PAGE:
Secondly: I read about the German monks in a museum in Sigulda in Latvia once. But I may be mistaken. I see that Wikipedia and a book about the Baltic countries of mine doesn't describe it that way.

I can't imagine what good docents at Sigulda were thinking when they wrote that unless it was the fact that German monks were to reduce Latvian to writing. But creating a written record of a language isn't the same thing as "inventing" it any more than photographing a baby is equivalent to giving birth to it.
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Re: Baltic languages, Baltiskās valodas

Postby Sobekhotep » Sat 08 Aug 2009 4:50 am

Aigars wrote:Are any of you acqainted with one Baltic language or more?

My stepfather is of Lithuanian heritage (with a Lithuanian surname) so I've read up on that language quite a bit. I really like the orthography; quite similar to Czech which is another language I have "expertise" in.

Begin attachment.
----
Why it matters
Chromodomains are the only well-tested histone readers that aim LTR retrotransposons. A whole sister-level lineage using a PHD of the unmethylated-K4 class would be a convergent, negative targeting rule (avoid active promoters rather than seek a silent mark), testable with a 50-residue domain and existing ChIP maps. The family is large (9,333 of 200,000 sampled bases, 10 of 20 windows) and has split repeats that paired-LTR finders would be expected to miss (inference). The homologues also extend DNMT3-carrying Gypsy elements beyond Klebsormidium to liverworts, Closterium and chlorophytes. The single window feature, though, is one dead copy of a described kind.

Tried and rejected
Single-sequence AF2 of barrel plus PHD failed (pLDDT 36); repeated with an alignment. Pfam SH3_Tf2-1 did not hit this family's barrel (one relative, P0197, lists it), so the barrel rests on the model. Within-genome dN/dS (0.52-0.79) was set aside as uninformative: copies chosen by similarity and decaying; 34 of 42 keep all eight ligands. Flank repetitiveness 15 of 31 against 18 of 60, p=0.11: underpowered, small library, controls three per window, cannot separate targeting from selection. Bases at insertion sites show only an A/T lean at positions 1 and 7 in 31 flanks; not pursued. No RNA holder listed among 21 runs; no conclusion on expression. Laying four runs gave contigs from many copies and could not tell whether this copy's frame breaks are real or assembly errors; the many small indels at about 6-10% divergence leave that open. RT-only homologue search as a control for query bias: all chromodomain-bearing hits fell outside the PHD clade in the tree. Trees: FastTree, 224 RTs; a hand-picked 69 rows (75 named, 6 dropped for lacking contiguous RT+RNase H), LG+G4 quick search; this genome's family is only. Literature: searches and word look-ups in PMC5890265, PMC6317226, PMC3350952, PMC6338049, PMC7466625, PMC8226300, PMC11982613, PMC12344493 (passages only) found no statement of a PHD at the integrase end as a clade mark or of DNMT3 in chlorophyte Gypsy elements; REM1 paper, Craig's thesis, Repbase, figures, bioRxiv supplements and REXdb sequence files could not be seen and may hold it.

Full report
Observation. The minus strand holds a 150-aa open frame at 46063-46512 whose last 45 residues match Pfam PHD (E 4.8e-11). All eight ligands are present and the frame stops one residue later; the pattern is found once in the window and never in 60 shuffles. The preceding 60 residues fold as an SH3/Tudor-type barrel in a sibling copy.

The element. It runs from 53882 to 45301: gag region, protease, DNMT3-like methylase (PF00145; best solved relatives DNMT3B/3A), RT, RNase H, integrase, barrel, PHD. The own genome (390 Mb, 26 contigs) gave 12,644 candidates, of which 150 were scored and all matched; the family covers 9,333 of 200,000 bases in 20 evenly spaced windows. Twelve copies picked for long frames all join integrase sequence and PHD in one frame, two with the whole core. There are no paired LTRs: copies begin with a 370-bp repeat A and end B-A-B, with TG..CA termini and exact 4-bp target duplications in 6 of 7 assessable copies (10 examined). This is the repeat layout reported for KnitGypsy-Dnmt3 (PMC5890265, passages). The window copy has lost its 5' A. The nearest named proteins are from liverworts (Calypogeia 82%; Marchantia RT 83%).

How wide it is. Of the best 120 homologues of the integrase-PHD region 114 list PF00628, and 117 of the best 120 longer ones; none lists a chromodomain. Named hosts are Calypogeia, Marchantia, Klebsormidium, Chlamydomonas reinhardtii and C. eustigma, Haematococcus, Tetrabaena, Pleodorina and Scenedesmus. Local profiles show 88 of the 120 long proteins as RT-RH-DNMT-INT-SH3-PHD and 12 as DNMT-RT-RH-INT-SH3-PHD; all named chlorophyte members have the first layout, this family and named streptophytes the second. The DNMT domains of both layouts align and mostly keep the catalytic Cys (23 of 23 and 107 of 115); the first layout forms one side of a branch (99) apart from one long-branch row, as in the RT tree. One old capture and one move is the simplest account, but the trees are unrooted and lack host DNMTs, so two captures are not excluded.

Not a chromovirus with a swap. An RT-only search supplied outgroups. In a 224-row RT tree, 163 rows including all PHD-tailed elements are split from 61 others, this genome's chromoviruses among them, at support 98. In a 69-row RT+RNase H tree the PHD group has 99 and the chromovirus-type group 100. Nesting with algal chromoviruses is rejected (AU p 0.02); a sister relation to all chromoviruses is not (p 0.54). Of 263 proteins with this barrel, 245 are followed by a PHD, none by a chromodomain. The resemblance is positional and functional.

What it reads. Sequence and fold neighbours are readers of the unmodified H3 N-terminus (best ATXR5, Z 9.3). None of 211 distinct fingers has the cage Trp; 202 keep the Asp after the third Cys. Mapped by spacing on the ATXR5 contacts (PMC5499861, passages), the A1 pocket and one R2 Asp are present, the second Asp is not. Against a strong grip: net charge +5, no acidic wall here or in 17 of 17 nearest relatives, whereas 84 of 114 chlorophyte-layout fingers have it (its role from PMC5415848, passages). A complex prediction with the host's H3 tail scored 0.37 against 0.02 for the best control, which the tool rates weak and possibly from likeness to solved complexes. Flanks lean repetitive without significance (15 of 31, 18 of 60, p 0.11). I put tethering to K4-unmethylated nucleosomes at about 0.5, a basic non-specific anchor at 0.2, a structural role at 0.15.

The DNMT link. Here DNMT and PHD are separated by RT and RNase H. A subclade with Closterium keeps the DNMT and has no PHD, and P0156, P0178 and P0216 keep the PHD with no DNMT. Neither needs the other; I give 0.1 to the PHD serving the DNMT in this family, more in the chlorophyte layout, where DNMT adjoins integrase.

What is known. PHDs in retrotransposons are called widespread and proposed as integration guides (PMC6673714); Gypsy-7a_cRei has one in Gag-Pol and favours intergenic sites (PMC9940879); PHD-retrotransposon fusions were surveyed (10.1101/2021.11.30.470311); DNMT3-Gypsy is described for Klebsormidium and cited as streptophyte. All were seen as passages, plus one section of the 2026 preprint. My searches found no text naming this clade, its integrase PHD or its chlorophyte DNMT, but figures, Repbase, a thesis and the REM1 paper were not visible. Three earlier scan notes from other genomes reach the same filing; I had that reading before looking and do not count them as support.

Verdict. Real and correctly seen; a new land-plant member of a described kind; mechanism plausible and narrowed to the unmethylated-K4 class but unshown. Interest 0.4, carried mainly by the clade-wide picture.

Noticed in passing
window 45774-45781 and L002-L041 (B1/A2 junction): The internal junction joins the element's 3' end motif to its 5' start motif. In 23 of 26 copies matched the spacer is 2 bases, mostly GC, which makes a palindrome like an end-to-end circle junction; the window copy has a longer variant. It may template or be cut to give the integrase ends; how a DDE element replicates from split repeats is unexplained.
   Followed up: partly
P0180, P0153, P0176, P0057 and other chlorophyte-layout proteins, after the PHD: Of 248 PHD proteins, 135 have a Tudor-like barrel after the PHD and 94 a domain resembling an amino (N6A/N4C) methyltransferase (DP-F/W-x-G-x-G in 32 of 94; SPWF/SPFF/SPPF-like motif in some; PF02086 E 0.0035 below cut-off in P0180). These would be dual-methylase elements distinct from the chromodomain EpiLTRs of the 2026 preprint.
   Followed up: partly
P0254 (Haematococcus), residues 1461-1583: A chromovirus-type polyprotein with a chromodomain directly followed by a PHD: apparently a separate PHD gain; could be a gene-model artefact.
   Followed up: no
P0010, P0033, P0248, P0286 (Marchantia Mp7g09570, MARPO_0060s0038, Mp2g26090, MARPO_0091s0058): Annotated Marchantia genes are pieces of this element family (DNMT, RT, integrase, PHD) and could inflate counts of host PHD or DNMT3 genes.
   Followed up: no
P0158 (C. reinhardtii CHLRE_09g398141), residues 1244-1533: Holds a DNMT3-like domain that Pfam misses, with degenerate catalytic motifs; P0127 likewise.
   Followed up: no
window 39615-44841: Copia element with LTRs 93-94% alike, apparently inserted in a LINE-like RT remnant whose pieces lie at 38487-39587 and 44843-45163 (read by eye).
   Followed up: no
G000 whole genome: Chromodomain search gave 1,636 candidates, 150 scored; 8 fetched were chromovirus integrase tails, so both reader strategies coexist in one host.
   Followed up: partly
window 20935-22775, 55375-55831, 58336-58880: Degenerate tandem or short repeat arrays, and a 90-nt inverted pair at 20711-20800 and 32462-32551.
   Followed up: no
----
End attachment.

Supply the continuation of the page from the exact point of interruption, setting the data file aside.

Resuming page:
I don't really know any Lithuanian, though, aside from some random words & phrases.
I don't know any Latvian at all.
Can Latvian speakers understand written &/or spoken Lithuanian?
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Re: Baltic languages, Baltiskās valodas

Postby Aigars » Mon 10 Aug 2009 12:39 pm

I believe other influences are more significant than the assumed connection between Finnic and Baltic languages. Have you read some kind of article about the Lithuanian and Finnic morphology and pronunciation?

And you're probably right about the role the German monks played in the history of Baltic languages..

Sobekhotep wrote:My stepfather is of Lithuanian heritage (with a Lithuanian surname) so I've read up on that language quite a bit. I really like the orthography; quite similar to Czech which is another language I have "expertise" in.
I don't really know any Lithuanian, though, aside from some random words & phrases.
I don't know any Latvian at all.
Can Latvian speakers understand written &/or spoken Lithuanian?